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Cost

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Davis and colleagues (2013) conducted a straightforward cost analysis using estimates of the costs of correctional education and of reincarceration. They estimated the average annual cost of correctional education programs per inmate participant was between $1,400 and $1,744. The authors used a hypothetical sample of 100 inmates and assumed that correctional education would reduce reincarceration rates by 12.9 percentage points (based on the results from the meta-analysis). It was estimated that 3-year incarceration costs for those who did not receive correctional education would be between $2.94 million and $3.25 million. In comparison, the 3-year incarceration costs for those who did receive correctional education would be between $2.07 million and $2.28 million. This would mean the reincarceration costs are between $870,000 and $970,000 (almost $1 million) less for those who receive correctional education.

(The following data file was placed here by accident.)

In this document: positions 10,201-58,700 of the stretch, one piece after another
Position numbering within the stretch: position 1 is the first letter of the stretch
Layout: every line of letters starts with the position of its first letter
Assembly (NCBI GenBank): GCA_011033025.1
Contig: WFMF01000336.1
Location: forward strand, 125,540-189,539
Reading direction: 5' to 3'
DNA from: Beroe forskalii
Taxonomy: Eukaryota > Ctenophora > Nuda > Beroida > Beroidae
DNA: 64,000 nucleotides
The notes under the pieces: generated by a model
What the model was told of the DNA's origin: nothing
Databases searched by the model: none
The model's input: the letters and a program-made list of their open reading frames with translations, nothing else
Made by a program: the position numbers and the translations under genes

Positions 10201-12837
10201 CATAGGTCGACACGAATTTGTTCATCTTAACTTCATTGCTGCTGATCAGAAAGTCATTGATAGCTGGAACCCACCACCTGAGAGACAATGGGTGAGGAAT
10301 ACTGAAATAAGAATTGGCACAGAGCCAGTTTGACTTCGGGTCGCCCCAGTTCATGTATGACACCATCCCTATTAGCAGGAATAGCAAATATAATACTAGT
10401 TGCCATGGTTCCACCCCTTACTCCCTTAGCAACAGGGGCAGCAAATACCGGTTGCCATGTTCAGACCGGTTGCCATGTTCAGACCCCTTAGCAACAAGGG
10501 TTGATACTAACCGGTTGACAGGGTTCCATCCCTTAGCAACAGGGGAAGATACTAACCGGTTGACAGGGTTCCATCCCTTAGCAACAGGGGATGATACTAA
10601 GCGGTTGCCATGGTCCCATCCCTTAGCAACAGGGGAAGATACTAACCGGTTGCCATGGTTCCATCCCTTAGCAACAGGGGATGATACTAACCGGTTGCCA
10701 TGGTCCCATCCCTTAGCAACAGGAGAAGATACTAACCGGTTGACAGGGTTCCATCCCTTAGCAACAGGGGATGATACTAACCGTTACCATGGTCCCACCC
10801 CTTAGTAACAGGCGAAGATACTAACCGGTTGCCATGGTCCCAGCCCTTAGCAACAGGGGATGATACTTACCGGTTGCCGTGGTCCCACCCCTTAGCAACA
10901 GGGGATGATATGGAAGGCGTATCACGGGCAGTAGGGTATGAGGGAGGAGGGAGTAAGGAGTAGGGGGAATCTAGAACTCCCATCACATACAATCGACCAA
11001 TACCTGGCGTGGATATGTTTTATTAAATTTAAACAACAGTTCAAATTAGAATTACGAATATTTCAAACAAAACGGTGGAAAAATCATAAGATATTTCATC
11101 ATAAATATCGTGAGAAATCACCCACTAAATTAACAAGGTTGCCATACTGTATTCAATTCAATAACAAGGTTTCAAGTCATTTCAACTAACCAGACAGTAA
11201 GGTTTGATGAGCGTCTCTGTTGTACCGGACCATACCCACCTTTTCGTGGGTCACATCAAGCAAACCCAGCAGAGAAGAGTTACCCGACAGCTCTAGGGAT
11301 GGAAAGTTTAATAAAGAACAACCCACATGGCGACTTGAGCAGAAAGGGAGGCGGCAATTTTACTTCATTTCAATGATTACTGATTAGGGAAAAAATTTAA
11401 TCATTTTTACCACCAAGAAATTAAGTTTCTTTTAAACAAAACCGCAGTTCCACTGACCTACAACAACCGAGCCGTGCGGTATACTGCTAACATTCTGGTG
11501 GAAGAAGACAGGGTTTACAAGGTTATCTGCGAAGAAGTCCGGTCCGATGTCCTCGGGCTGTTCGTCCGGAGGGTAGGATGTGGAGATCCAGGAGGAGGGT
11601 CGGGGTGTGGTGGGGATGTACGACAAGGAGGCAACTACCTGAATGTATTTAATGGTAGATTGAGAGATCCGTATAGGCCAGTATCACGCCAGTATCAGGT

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Evidence-Base (Meta-Analyses Reviewed)

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These sources were used in the development of the practice profile:

Meta-Analysis 1
Wilson, David B., Catherine A. Gallagher, and Doris Layton MacKenzie. 2000. “A Meta-Analysis of Corrections-Based Education, Vocation, and Work Programs for Adult Offenders.” Journal of Research in Crime and Delinquency 37(4):347–68.

Meta-Analysis 2
Aos, Steve, Marna Miller, and Elizabeth K. Drake. 2006. Evidence-Based Adult Corrections Programs: What Works and What Does Not. Olympia, Wash.: Washington State Institute for Public Policy.
http://www.wsipp.wa.gov/ReportFile/924

Meta-Analysis 3
Davis, Lois M., Robert Bozick, Jennifer L. Steele, Jessica Saunders, and Jeremy N.V. Miles. 2013. Evaluating the Effectiveness of Correctional Education: A Meta-Analysis of Programs That Provide Education to Incarcerated Adults. Washington, D.C.: U.S. Department of Justice, the Office of Justice Programs, Bureau of Justice Assistance.
https://www.bja.gov/Publications/RAND_Correctional-Education-Meta-Analysis.pdf
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Additional References

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These sources were used in the development of the practice profile:

Aos, Steve, Polly Phipps, Robert Barnoksi, and Roxanne Lieb. 2001. The Comparative Costs and Benefits of Programs to Reduce Crime. Version 4.0. Olympia, Wash.: Washington State Institute for Public Policy. (This meta-analysis was reviewed but did not meet CrimeSolutions.gov criteria for inclusion in the overall outcome rating.)